It’s Never Too Late To Do The Right Thing

by Ron Haynes

A company received a letter with $45 inside along with the following handwritten note:

To Whom It May Concern

Many years ago (25 or 30?) I stole a hammer from this place of business. I knew it was wrong but I did it anyway. Enclosed is $45 to cover the cost of the hammer plus a little extra for interest. I’m sorry I took it, but I have changed my ways.

I hope God will forgive me for all the terrible things I have done in my life. This just being a small part.

Right vs Wrong Way - Two-Way Street Sign The note wasn’t signed. The president of the company took the money and donated it to charity according to newspaper reports.

Three things stand out to me:

1. The person who stole the merchandise knew it was wrong but did it anyway. Obviously their guilt had stayed with them for three decades! What a horrible load to have to bear for so long, lingering in his or her mind, thinking about it every time someone mentioned a hammer.

How many times have you or I done something that we knew was wrong, but “did it anyway?” Why did we do it? The list of why’s can be long – raging from peer pressure to the “thrill.” But regardless, when we do something we KNOW is wrong … well that’s just the definition of stupid.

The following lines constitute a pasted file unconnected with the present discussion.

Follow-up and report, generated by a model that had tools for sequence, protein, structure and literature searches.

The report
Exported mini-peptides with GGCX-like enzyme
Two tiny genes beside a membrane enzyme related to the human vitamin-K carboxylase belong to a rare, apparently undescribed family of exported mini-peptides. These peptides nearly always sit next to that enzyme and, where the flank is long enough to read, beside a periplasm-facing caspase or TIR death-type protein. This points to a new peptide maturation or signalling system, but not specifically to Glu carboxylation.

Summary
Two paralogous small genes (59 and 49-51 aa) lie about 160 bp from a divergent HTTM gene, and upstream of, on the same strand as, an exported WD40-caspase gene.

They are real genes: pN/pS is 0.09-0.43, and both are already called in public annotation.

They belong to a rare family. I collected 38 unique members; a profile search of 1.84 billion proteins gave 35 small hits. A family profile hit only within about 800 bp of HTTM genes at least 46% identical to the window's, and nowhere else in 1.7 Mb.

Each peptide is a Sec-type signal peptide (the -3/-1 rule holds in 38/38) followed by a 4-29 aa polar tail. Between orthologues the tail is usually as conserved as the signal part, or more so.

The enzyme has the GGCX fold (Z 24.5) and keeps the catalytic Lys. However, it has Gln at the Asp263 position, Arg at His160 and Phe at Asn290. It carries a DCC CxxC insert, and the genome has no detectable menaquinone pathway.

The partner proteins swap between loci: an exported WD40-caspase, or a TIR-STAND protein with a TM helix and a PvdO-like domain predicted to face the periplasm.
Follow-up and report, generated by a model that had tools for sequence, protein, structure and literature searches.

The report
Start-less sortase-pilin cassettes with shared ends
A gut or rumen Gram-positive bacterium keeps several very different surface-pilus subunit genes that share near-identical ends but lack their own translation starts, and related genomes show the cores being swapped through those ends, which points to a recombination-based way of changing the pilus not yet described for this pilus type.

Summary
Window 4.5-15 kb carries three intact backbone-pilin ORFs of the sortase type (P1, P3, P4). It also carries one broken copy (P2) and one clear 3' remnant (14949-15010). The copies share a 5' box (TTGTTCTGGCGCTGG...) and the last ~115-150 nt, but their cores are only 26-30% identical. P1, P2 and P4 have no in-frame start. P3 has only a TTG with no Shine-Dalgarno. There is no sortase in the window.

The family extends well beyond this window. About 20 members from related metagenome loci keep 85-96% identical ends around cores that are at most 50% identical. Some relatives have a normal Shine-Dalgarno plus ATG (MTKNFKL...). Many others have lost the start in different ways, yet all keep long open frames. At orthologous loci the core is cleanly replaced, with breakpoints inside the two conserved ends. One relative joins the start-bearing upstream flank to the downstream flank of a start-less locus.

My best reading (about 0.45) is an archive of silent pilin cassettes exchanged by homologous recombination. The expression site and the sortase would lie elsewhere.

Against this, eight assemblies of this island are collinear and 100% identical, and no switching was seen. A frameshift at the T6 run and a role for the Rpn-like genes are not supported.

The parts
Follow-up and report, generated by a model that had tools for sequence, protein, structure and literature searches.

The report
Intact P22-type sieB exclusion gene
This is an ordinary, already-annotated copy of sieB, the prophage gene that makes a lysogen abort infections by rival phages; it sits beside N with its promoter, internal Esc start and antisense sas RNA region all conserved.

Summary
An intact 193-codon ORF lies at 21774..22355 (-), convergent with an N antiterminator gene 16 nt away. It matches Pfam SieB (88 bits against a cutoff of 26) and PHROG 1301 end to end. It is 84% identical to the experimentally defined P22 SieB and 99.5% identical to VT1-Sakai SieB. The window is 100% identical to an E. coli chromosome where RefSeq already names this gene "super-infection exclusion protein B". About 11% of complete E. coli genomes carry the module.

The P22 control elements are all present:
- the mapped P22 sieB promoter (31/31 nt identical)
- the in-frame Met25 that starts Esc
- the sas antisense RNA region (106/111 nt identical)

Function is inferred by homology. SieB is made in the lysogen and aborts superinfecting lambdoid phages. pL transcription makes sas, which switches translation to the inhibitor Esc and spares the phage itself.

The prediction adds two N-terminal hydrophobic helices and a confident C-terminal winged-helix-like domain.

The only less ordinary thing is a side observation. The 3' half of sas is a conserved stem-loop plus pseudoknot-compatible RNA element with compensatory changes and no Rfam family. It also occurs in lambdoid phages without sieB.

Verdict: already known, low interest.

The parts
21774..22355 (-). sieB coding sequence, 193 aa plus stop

2. The person was willing to make amends. Not only make amends, but to pay a little extra. That speaks even more so to their guilt and sense of wrongdoing.

It’s one thing to know what you or I did was dumb, but it’s quite another to recognize it and just blow it off. The person who wrote the note took the step (albeit a late step) to make things right … with interest. Was the calculation accurate? Who cares. The point is that an attempt at absolution was made and the right thing was eventually done.

3. The company donated the money. The company had written off the loss a long time ago, but the president of the company allowed that loss to generate something good by the donation AND by sharing this event.

When someone does you or me wrong, let’s try to figure out a way to flip it into something good, not just for you or me, but for those around us too. What can we do to write off a loss and turn around so that more than just ourselves benefits, to make more than just our lives a little bit better?

What are your thoughts?

About the author

Ron Haynes has written 988 articles on The Wisdom Journal.


The founder and editor of The Wisdom Journal in 2007, Ron has worked in banking, distribution, retail, and upper management for companies ranging in size from small startups to multi-billion dollar corporations. He graduated Suma Cum Laude from a top MBA program and currently is a Human Resources and Management consultant, helping companies know how employees will behave in varying situations and what motivates them to action, assisting firms in identifying top talent, and coaching managers and employees on how to better communicate and make the workplace MUCH more enjoyable. If you'd like help in these areas, contact Ron using the contact form at the top of this page or at 870-761-7881.